Dressed in a dark suit and red tie, a young Marine stood before Judge David Garcia for a round of applause in the Criminal Court No. 3 courtroom Wednesday afternoon.
The man, whose identity is protected under confidentially agreements, had just completed the Denton County Veterans Court Treatment Program, making him the program’s first graduate.
The veterans court program, approved by Denton County commissioners in 2009, is a collaborative process between the court, defense counsel and prosecutors to treat combat-related mental health conditions that lead to criminal behavior.
Once a veteran graduates from the program, the Denton County District Attorney’s Office will wipe his or her criminal record clean.
Forrest Beadle, veterans court prosecutor with the DA’s office, said the vast majority of cases involve misdemeanor convictions. The court will consider some felony cases, but those convicted of sex offenses, crimes against children, felony driving while intoxicated charges, intoxication assault, all aggravated violent offenses and manslaughter cases are excluded.
The court wants to provide a second chance for veterans; however, the program has a tedious screening process.
Since 2010, an estimated 50 veterans have applied. Four currently are enrolled, and the court looks to have a dozen participants by the end of the year.
“It’s a working process, and we have made great strides in the past two months detailing what we need to do in order to better shape the program,” Beadle said.
The “treatment team,” comprising 13 volunteers, said the court is closed once a month during veterans meetings for confidentiality purposes because the veterans involved are undergoing treatment.
During the treatment meetings — briefings before Garcia on the participant’s status — the court goes over ways to make the program stronger and how to build community partnerships.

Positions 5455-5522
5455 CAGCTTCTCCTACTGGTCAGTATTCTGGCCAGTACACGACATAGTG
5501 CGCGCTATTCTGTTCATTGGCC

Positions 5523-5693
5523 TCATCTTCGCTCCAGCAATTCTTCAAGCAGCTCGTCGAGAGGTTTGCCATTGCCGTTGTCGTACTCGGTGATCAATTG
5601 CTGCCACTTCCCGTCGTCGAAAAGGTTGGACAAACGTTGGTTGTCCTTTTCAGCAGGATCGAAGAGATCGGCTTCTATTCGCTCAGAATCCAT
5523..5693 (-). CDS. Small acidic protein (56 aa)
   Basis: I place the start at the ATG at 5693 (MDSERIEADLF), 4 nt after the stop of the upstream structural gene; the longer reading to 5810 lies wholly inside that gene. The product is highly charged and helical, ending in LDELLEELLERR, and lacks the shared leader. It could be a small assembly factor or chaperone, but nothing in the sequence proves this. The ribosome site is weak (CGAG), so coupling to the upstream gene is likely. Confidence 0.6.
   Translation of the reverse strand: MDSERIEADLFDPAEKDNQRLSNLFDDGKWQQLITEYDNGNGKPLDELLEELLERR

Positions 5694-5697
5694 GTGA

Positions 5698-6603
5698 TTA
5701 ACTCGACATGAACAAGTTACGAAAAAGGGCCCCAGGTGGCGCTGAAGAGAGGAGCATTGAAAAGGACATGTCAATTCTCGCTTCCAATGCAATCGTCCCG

“During a recent meeting, we were discussing the demographics of the higher rate of suicide related to PTSD [post-traumatic stress disorder] and how to help overcome this with our vets,” Beadle said.
The program has two “battle buddies” — mentors whom enrolled veterans can go to for anything at any time. Officials said the battle buddies are veterans themselves and conversations between the participant and mentor are “strictly confidential” unless the veteran mentions doing bodily harm to himself or another person.
Beadle, a U.S. Army veteran, said one of his favorite quotes is “It takes strength and courage of a warrior to ask for help.”
“They have to seek help,” he said. “Most that do are active in seeking counseling.”
The first graduate is a great example of someone wanting to do better in life, Beadle said.
The young veteran faced two charges of driving while intoxicated. He picked up the second charge within 90 days of his first. Officials with the district attorney’s office said the Denton County Probation Department had been monitoring him on pre-trial ignition interlock for more than a year before he entered veterans court in November 2012 and didn’t detect another drinking violation.
“[He is] a truly stellar veteran and Marine,” Beadle said.
During the ceremony, Garcia told the court’s first graduate that he had come a long way in a short amount of time.
As Garcia handed him a graduation coin — a reminder of the uphill battle he went through to clear his record — he told the young Marine he makes the team proud to put time into the program to see success stories such as his.
“I’m excited we finally have a program with resources to help,” said Joseph Zellmer, a veterans court defense attorney and member of the treatment team. “This is great.”
MEGAN GRAY can be reached at 940-566-6885 and via Twitter at @MGrayNews.